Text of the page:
in poetic dramas; dramas in prose tend to use a more realistic speaking style and rarely if ever feature them. The plays of William Shakespeare feature many soliloquies. The "To be or not to be" speech in Hamlet is perhaps the most famous one in the English language. Juliet's "O Romeo, Romeo...
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  • Genres in Writing
    for specific purposes. d. Definition essay- draws on a writer’s emotional experience to describe something abstract. e. Oxymoron- A figure of speech in which apparently contradictory terms appear in conjunction (e.g., bitter sweet). f. Onomatopoeia-The formation of a word from a sound...
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  • John Donne
    away from the smoothness of previous poets. Rhythm is secondary; at its best, it merely helps to underline ideas. One is going to examine in the first place those figures of speech that contribute to enhance musicality, not sense; those that could be appreciated on hearing the poem even by a person...
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  • Critical
    figure of speech in which the speaker directly addresses an absent or dead person, an abstract quality, or something nonhuman as if it were present and capable of responding. Example: “And chiefly Thou, O Spirit, that dost prefer / Before all temples th’ upright heart and pure / Instruct me… (Milton...
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  • Literature Test - Poetry
    . (skeleton = death) 5. Understand parallelism in a poem. Parallelism in poetry is a technique that involves the art of rhyming sentences. Program #14 Seeing Anew: Rhetorical Figures in Poetry 1. Define and recognize examples of figures of speech, including metaphor, explicit...
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  • Study Guide - English Terminology
    a particular way to achieve a particular effect. Figures of speech are organised into different categories, such as alliteration, assonance, metaphor, metonymy, onomatopoeia, simile, and synecdoche. | FIRST PERSONA first-person story is told using the ‘I’ or ‘we’ voice – the storyteller may be...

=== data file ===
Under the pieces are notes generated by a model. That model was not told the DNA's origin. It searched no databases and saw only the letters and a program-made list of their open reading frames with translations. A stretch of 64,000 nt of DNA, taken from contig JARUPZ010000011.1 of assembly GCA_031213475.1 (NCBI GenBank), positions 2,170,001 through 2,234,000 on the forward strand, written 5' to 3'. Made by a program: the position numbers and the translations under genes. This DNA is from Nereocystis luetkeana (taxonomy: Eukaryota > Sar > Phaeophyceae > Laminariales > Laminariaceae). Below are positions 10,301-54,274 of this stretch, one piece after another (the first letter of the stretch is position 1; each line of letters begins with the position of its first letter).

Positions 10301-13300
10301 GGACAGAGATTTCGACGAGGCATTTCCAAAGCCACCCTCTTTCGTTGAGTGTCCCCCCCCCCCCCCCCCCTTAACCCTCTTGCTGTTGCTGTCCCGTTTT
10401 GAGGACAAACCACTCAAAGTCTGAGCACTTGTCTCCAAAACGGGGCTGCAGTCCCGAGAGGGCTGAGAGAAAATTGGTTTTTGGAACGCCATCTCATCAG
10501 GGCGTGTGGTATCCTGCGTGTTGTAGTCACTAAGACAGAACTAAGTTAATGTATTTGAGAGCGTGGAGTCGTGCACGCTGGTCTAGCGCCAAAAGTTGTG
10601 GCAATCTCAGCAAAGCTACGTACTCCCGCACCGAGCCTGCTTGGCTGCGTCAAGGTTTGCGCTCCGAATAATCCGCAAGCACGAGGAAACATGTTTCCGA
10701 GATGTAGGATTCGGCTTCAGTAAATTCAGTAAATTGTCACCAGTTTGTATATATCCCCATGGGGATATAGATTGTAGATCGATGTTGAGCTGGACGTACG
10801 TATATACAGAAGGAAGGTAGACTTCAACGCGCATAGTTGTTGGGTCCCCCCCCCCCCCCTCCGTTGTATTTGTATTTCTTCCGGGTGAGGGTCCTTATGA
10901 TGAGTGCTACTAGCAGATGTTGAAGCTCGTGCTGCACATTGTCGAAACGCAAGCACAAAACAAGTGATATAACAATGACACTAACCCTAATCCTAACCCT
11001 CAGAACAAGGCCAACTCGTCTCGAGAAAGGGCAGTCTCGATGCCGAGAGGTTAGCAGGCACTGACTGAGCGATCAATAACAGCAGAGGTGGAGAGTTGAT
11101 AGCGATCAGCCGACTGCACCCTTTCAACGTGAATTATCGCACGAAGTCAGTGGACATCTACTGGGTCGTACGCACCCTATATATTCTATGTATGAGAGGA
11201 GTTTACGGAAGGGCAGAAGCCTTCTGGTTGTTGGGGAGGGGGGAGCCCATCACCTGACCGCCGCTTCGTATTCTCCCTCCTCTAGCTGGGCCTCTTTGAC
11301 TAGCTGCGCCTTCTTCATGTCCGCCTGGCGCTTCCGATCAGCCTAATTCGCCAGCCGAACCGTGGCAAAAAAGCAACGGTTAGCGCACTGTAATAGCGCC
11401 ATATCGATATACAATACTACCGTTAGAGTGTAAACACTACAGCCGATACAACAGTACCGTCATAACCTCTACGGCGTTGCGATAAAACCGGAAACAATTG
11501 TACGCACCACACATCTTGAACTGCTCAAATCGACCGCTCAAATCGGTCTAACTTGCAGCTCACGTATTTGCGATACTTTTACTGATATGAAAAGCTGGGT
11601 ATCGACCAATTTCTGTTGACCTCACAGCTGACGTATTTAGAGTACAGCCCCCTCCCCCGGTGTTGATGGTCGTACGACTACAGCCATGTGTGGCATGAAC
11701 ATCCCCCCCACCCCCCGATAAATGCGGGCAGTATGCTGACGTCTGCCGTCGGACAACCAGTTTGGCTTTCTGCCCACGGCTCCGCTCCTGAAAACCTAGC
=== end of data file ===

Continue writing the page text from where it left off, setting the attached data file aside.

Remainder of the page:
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  • The Relationship Between Donne's Religious and Secular Verse.
    love poetry. The voice used in his secular poetry to address his listener (more often then not a woman), such as in ‘the flea', is the same as the voice used to address his listener in his holy sonnets (frequently God himself). This voice is personalised by...
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  • Literture Analysis Handbook
    . “A penny saved is a penny earned.” apostrophe a figure of speech in which an absent person or thing is addressed directly. An example is: “O Death, where is thy sting?” assonance the repetition of vowel sounds anywhere in the words, e.g. “bright lights.” atmosphere the mood of a literary work...
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  • Oxford Dictionnary
    laws of death.' In philosophy, an antithesis is a second argument or principle brought forward to oppose a first proposition or *THESIS (see dialectic). Adjective: antithetical. antonomasia [an-ton-o-may-zia], a *FIGURE OF SPEECH that replaces a proper name with an *EPITHET (the Bard for Shakespeare...
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  • Critial Vocab, English Lit a Level
    promotion, position, etc, to another instead.   Oxymoron - Oxymoron is a figure of speech in which two terms appear to contradict each other. Some examples have become so familiar that we hardly notice the contradiction, eg deafening silence. The word comes from the Greek: oxus ('sharp') and mōros...